There was an interesting discussion on spelling in 'The Conversation'recently. This
should be of interest to all especially for those of us who have children who
struggle with spelling. It was written by Dr Misty Adoniou, Senior lecturer at
the University of Canberra. It explains why many children have difficulties
with spelling and why some methods do not work for children who have ongoing
problems in this area of learning.
She asks, "Are all children
learning to love words from their very first years at school? Are they being
fascinated by stories about where words come from and what those stories tell
us about the spelling of those words?" This statement highlights the central
role of meaning and context. However, the common practice of weekly drilling
meaningless lists of words and then testing them at the end of the
week merely widens the gap between those that normally do well and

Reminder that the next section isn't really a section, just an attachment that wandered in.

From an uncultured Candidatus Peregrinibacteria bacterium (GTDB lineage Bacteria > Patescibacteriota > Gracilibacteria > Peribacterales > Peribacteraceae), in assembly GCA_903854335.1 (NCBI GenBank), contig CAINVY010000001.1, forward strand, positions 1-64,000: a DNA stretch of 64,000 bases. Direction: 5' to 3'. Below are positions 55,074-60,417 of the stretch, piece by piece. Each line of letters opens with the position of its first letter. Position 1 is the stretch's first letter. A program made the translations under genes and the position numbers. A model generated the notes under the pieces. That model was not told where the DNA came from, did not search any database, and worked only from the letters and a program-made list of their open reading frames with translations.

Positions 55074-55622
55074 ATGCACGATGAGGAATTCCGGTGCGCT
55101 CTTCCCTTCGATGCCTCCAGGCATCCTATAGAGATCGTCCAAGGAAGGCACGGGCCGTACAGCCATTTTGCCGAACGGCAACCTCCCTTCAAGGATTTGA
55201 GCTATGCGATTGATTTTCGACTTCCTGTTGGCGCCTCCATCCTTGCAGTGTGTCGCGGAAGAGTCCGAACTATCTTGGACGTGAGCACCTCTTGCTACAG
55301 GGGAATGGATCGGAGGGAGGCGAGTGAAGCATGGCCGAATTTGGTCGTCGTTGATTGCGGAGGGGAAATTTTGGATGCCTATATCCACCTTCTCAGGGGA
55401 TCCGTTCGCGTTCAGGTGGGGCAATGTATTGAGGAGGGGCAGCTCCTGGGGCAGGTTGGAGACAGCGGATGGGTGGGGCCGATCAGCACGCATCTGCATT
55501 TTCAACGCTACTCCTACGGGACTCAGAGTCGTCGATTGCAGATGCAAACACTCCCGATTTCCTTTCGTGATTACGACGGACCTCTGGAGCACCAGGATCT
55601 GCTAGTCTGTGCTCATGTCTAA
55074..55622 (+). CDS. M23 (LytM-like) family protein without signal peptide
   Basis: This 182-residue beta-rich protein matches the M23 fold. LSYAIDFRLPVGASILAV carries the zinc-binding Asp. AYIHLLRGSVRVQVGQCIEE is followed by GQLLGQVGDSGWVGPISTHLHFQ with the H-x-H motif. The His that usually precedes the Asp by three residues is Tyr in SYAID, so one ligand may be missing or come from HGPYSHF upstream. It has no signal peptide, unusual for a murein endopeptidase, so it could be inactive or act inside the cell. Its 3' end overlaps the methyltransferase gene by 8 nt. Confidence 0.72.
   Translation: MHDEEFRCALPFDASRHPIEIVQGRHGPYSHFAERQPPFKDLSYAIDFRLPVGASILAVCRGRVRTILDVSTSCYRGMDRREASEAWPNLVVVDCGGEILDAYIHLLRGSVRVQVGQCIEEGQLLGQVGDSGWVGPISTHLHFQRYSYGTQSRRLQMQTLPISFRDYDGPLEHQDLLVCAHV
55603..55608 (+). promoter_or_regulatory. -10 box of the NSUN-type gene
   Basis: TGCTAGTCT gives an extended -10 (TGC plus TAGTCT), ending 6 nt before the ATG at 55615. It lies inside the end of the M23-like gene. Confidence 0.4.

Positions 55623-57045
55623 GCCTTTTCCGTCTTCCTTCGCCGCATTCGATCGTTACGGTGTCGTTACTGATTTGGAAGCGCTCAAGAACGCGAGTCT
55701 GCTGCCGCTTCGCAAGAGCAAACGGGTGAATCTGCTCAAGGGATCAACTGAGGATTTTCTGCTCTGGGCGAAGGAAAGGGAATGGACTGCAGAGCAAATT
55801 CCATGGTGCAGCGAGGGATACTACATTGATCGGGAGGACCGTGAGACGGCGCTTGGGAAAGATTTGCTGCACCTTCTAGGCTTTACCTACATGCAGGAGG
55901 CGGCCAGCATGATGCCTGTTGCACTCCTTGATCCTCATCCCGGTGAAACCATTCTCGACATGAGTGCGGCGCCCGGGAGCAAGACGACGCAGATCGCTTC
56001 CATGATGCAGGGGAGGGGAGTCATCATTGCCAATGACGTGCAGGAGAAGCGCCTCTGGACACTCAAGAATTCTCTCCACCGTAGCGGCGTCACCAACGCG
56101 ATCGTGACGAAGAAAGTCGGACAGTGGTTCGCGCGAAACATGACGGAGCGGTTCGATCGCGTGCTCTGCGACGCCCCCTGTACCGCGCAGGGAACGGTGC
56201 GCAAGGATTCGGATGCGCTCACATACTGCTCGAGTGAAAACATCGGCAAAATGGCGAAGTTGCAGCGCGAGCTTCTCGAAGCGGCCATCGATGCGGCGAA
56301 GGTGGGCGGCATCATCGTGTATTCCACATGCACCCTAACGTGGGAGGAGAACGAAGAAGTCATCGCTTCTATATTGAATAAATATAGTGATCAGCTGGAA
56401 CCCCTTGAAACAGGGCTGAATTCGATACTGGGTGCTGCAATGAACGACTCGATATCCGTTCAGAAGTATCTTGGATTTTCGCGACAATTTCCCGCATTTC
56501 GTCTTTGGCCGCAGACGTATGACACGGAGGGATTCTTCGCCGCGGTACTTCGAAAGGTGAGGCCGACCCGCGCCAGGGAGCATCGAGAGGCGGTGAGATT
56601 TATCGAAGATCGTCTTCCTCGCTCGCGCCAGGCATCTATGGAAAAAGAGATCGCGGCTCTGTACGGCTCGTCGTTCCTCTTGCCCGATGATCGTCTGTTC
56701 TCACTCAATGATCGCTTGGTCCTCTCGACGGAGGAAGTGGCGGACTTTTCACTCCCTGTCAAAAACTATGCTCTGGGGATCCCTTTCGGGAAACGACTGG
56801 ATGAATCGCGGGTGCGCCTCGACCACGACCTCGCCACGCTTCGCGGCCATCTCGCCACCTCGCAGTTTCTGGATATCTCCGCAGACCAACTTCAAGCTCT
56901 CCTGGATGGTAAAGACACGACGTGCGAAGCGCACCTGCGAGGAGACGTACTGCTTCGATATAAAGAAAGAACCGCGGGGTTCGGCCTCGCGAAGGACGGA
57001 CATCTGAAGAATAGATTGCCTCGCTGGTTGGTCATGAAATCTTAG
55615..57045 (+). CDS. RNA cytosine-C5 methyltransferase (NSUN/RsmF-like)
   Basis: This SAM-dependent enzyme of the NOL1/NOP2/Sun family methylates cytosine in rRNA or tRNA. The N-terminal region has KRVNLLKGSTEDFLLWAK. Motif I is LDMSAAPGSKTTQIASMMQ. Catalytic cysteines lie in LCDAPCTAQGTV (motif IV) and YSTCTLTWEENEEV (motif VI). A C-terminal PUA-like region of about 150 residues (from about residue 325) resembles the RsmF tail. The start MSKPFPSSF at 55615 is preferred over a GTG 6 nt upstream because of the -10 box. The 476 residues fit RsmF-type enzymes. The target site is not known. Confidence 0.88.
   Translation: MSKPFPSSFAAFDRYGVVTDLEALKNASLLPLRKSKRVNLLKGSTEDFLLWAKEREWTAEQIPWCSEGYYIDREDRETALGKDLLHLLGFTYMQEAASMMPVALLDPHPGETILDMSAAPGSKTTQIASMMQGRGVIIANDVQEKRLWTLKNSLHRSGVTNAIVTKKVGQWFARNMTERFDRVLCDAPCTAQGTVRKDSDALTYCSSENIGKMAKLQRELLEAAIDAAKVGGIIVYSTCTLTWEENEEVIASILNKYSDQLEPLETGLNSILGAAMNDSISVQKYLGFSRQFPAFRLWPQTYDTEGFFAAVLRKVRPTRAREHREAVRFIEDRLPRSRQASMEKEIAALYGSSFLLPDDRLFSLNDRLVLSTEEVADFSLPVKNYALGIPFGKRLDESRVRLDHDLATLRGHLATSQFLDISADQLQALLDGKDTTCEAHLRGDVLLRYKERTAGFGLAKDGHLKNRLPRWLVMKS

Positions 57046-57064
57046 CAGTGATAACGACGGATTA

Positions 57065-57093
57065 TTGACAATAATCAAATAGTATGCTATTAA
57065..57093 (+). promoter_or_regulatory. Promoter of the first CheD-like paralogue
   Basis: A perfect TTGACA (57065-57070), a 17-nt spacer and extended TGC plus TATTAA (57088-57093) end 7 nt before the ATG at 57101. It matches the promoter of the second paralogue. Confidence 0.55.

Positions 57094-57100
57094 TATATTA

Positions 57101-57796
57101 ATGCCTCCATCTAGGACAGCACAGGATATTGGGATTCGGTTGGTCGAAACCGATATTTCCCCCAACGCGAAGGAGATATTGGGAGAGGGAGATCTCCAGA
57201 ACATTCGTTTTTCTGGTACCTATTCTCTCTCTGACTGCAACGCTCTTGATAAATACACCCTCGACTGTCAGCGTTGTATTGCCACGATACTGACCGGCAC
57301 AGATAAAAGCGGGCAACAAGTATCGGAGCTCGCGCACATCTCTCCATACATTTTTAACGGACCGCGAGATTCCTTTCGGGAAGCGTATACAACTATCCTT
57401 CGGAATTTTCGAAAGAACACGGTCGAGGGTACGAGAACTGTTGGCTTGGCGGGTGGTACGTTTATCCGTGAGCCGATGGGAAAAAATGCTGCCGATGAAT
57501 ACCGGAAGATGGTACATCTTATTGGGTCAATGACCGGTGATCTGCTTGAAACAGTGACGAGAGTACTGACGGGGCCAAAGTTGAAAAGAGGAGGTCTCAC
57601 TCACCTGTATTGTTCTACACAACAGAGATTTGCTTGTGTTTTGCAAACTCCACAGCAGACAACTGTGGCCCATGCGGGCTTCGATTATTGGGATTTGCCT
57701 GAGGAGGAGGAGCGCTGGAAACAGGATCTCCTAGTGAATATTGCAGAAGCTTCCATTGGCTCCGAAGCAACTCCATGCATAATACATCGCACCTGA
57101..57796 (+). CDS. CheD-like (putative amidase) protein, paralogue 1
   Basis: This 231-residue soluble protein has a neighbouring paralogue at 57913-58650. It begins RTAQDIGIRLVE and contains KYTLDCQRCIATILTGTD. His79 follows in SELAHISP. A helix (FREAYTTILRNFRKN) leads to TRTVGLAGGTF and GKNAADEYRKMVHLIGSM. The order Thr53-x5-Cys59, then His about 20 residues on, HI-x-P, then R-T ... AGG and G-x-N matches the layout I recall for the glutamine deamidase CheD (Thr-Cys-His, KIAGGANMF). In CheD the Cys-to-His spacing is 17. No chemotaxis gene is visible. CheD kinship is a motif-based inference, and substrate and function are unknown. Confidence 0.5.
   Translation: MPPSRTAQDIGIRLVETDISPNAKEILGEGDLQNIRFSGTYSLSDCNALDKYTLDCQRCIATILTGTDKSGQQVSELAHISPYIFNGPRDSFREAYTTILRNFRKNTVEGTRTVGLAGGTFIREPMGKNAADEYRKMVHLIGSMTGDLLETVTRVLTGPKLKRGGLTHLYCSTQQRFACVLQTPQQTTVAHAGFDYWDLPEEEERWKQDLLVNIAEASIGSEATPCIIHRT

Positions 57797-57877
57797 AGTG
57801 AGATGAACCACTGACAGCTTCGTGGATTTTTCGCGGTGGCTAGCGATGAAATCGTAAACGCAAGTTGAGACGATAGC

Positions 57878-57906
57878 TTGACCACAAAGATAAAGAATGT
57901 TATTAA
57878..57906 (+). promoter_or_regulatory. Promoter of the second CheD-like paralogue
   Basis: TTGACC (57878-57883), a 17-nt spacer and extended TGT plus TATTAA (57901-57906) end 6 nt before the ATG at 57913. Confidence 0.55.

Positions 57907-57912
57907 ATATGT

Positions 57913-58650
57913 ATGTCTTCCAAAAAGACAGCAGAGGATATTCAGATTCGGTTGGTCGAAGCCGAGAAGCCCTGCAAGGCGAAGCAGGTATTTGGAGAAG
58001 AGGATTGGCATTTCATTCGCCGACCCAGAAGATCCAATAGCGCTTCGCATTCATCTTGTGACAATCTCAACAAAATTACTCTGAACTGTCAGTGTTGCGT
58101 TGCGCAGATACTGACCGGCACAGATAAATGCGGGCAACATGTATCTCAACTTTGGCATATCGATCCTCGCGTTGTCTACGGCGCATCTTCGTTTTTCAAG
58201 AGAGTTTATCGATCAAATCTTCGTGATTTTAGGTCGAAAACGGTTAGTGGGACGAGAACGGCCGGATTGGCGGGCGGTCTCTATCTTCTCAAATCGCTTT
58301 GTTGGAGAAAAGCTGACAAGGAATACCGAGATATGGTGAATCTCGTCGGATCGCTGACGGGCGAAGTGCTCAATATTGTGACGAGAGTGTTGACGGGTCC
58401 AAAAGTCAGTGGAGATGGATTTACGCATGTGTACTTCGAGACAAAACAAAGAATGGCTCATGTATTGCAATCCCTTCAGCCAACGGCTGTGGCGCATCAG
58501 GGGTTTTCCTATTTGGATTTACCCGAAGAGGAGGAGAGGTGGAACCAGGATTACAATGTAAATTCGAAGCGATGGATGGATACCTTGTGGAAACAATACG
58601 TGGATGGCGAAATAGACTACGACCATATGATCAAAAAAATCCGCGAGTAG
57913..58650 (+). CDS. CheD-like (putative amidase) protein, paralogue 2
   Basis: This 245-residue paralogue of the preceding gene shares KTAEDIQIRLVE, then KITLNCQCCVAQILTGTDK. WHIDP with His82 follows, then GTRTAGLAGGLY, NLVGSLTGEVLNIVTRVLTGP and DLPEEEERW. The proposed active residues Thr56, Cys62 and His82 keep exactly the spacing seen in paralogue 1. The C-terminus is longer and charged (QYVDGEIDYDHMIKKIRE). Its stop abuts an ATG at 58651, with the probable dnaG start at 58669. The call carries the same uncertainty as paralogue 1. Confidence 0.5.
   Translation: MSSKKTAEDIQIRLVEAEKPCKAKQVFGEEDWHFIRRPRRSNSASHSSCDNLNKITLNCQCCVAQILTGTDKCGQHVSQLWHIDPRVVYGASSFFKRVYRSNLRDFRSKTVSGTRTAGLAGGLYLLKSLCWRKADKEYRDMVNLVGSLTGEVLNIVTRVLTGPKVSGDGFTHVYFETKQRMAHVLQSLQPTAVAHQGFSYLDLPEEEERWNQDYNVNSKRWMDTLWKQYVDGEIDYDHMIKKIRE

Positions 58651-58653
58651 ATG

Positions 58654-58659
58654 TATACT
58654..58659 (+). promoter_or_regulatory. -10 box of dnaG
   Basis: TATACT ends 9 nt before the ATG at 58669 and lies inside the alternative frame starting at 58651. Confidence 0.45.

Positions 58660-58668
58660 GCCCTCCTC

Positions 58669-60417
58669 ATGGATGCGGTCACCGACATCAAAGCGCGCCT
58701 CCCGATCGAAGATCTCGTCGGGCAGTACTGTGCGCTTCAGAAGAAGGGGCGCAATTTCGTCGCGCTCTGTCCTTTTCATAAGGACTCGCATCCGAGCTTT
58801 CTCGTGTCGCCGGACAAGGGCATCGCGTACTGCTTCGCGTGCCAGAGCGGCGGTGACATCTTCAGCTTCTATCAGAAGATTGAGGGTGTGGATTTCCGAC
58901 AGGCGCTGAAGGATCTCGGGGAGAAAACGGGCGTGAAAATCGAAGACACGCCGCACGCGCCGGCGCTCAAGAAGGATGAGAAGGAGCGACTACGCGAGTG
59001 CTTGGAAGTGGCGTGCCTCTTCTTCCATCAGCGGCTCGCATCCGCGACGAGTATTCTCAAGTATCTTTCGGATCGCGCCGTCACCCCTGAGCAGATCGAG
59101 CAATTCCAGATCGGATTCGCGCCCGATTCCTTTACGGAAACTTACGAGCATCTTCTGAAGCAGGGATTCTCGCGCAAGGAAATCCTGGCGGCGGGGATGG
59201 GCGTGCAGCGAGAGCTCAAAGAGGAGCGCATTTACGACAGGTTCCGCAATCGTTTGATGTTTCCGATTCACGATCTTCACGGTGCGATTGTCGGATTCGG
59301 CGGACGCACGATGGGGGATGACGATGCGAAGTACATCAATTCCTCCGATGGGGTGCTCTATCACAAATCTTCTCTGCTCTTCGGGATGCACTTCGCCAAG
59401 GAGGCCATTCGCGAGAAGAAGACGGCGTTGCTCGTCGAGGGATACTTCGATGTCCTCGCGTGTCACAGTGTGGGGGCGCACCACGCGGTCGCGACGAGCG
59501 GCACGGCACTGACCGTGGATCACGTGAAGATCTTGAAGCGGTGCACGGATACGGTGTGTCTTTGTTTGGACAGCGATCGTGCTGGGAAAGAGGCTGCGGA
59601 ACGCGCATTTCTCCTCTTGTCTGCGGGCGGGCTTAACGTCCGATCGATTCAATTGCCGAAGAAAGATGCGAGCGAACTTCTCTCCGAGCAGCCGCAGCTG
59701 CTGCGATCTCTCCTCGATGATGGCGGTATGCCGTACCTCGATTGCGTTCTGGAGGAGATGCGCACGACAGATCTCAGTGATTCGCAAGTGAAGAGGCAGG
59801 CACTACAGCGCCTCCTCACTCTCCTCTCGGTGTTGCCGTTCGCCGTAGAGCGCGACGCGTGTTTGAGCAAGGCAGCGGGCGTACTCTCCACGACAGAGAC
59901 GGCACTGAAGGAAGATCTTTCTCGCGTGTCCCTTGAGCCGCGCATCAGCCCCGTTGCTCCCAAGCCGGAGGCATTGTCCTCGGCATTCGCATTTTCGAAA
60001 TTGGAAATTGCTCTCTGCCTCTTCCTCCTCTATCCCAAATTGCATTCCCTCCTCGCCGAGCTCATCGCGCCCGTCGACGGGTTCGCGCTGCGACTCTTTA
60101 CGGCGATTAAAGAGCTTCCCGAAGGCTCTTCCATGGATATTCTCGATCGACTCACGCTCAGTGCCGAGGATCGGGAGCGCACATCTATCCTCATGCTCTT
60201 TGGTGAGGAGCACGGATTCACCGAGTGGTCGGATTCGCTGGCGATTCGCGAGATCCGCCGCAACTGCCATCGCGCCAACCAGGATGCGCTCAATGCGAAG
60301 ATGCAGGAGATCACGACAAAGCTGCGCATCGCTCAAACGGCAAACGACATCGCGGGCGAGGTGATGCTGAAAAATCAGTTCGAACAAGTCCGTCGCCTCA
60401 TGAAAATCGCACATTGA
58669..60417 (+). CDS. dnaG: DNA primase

reinforces the perception of constant failure for those that normally do
not spell well. This process lowers their self-esteem and inhibits their
desire to do better. Thus, the habit of drilling and testing are
inefficient learning methods, particularly for those who struggle.
There was an interesting comment by Giles Pickford,
which I have included below:
"It is worth remembering that neither Keats nor
Shakespeare were very good at spelling, but they could write. Good spelling is
definitely desirable, but a bad speller is not necessarily a failure. There has
to be some tolerance and balance in the judgement."Giles was on to
something here because he demonstrates that people can be very successful even
though they are not good spellers.
Spelling is very important but it should not cloud our
judgement. For a struggling speller there is nothing more degrading to the
human spirit than to find that your best efforts earn you the opportunity to
stay in the classroom and write every mistake 50 times each while your friends
are playing in the playground. Likewise, red lines drawn through every fourth
or fifth word in a creative writing activity reinforce the notion that it is
better not to try than to try and fail.
There are many ways to teach
spelling that focus on meaning and the joy of using written language to
communicate, express creative ideas and encourage a desire to improve.